Oracle cards are like tarot cards' younger, chiller cousin. They can show any imagery, and there's more room for the person working with them to interpret their meaning.
Amanda Michelle Jones, who also goes by AMJ, is the creator of Brown Girl Tarot, an online community for spiritual practitioners of color. They talked to Refinery29 about oracle cards.
What are oracle cards?
They're a tool that can be used for introspection or, depending on your approach, divination.
But unlike traditional tarot decks, which come in packs of 78, oracle decks can include any number of cards. What's more, while tarot cards include a Major Arcana and a Minor Arcana arranged into suits, oracle decks don't follow this structure. There are no rules, and the possibilities are endless.
What's the difference between oracle cards and tarot cards?
Although there are different schools of tarot and variations from deck to deck, “any tarot deck you pick up will have the Major Arcana covering what we call ‘The Fool's Journey,’ — in other words, major archetypes or lessons we encounter in life — and the Minor Arcana, which covers the more day-to-day experiences,” AMJ says.
“Oracle decks typically don't follow that setup. You may find a deck with 30-something cards or 80-something cards," they add. "One oracle deck might sort of mirror the tarot, while another could have absolutely nothing to do with tarot. But overall, the big difference is in the number of cards and whether it's split between majors and minors.”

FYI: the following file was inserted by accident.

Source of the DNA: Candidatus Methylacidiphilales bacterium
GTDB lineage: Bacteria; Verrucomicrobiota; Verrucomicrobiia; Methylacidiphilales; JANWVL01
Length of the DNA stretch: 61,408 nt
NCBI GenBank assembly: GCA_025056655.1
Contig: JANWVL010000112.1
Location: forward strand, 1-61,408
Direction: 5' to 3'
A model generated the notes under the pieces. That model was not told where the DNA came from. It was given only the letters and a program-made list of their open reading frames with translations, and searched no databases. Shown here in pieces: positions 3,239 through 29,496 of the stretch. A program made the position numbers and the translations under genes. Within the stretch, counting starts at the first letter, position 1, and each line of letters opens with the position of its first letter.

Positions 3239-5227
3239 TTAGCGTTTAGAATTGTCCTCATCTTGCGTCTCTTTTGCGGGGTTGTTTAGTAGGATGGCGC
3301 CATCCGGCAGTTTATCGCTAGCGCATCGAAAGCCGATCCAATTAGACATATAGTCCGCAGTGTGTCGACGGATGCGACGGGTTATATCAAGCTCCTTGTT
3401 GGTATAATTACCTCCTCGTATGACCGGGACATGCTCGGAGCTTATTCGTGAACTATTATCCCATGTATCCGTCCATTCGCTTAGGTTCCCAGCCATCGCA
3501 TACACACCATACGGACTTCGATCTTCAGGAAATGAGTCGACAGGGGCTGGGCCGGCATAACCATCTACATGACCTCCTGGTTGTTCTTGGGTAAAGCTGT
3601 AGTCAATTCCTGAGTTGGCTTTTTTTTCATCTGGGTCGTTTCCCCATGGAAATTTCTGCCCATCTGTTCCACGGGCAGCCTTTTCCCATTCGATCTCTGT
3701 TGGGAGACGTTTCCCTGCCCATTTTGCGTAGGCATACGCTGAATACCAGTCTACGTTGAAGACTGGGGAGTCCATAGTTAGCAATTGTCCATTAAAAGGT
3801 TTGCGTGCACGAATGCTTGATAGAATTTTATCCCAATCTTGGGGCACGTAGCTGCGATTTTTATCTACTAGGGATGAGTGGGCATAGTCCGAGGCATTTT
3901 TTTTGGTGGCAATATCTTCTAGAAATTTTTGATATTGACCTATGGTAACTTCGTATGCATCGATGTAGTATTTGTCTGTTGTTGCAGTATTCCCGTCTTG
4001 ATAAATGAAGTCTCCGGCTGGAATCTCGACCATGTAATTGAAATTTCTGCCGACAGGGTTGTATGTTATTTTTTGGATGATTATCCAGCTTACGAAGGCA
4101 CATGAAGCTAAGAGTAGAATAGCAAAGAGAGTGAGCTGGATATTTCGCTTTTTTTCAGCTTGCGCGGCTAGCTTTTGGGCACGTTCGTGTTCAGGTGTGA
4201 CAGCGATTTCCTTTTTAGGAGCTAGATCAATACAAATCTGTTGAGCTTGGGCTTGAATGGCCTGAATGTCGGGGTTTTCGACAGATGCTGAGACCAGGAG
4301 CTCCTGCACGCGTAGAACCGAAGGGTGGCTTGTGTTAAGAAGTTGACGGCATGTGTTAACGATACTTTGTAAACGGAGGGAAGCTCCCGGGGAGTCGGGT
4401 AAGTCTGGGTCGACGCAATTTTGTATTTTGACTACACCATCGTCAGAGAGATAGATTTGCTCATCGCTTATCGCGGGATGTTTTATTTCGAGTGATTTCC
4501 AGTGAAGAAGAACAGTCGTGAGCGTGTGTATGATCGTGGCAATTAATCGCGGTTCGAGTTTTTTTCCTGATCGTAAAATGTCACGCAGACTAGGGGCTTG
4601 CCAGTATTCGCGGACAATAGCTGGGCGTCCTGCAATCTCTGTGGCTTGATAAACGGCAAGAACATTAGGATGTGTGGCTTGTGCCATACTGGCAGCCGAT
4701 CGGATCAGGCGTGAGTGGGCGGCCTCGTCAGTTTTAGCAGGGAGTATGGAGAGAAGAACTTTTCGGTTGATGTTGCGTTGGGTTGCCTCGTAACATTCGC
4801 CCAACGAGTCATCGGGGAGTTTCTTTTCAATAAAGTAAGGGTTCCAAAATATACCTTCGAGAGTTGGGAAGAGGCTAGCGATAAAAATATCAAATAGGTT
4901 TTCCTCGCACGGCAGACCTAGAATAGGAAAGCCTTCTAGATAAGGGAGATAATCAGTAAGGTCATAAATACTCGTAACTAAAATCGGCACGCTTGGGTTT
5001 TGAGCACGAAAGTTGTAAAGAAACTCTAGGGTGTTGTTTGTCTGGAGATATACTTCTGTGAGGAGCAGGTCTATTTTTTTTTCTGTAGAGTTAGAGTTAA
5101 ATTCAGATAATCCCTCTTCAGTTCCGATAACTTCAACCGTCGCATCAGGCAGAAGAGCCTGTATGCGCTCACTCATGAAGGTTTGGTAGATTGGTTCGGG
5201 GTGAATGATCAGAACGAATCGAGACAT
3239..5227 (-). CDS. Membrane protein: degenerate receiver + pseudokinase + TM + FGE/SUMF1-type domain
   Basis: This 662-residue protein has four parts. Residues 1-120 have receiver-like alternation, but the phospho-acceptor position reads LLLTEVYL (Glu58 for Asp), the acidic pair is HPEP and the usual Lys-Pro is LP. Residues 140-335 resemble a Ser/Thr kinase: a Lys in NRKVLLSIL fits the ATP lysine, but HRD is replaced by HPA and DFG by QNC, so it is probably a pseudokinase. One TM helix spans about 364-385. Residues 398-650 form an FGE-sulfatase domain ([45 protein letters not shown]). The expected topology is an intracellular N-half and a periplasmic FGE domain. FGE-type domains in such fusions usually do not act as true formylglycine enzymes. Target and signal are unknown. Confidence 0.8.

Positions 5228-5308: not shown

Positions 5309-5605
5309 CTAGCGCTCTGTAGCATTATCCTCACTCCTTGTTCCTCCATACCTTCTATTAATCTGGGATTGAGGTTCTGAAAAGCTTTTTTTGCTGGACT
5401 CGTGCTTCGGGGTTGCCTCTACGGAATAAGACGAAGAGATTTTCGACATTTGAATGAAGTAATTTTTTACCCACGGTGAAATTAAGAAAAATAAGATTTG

The variety is evident in two of the oracle decks that AMJ recommends. The Adinkra Ancestral Guidance Cards is a 44-card deck featuring Adinkra symbols and philosophies (used by the Ashantis in West Africa). The OKANA oracle deck, on the other hand, contains 25 cards, with five in each element (Earth, Water, Wind, Fire, and Spirit). It also features proverbs from the Diloggún Divination system.
How do you use oracle cards?
When using oracle cards, AMJ recommends that you “go with your intuition." They explain, “When you get a new oracle deck, you're kind of learning a new language each time. So take time to just observe and get to know the deck.”
Doing a one-card pull every day is “a great way to get to know your deck while also honing your intuition and divination skills,” AMJ says. You can use traditional tarot spreads, such as a three-card draw, with oracle cards. You can also draw an oracle card before a tarot card reading to set an intention, or after a reading to reinforce the interpretation.
“As you explore the cards, let Spirit speak to you in whatever ways you need in the moment," AMJ suggests. "And definitely make sure to journal, whether that be by hand or digitally, then compare that to the guidebook that came with the deck.”
Since oracle cards are relatively unstructured, they can sometimes be a more appealing option for beginners. But experienced tarot readers also often incorporate them into spreads too.
“Sometimes a person wants to step outside the 'boundaries of the tarot' (or at least their perception of such boundaries),” AMJ explains. “Also, some folx find oracle cards to be less intimidating than tarot, while others see oracle as an introductory way to start divining with cards. Lots of people combine oracle with tarot to provide additional perspective to their readings. The possibilities are almost endless, especially if you try to get math-y and think about permutations and combinations.”
Here, shop a few of AMJ’s recommendations for oracle decks, as well as some picks from Refinery29.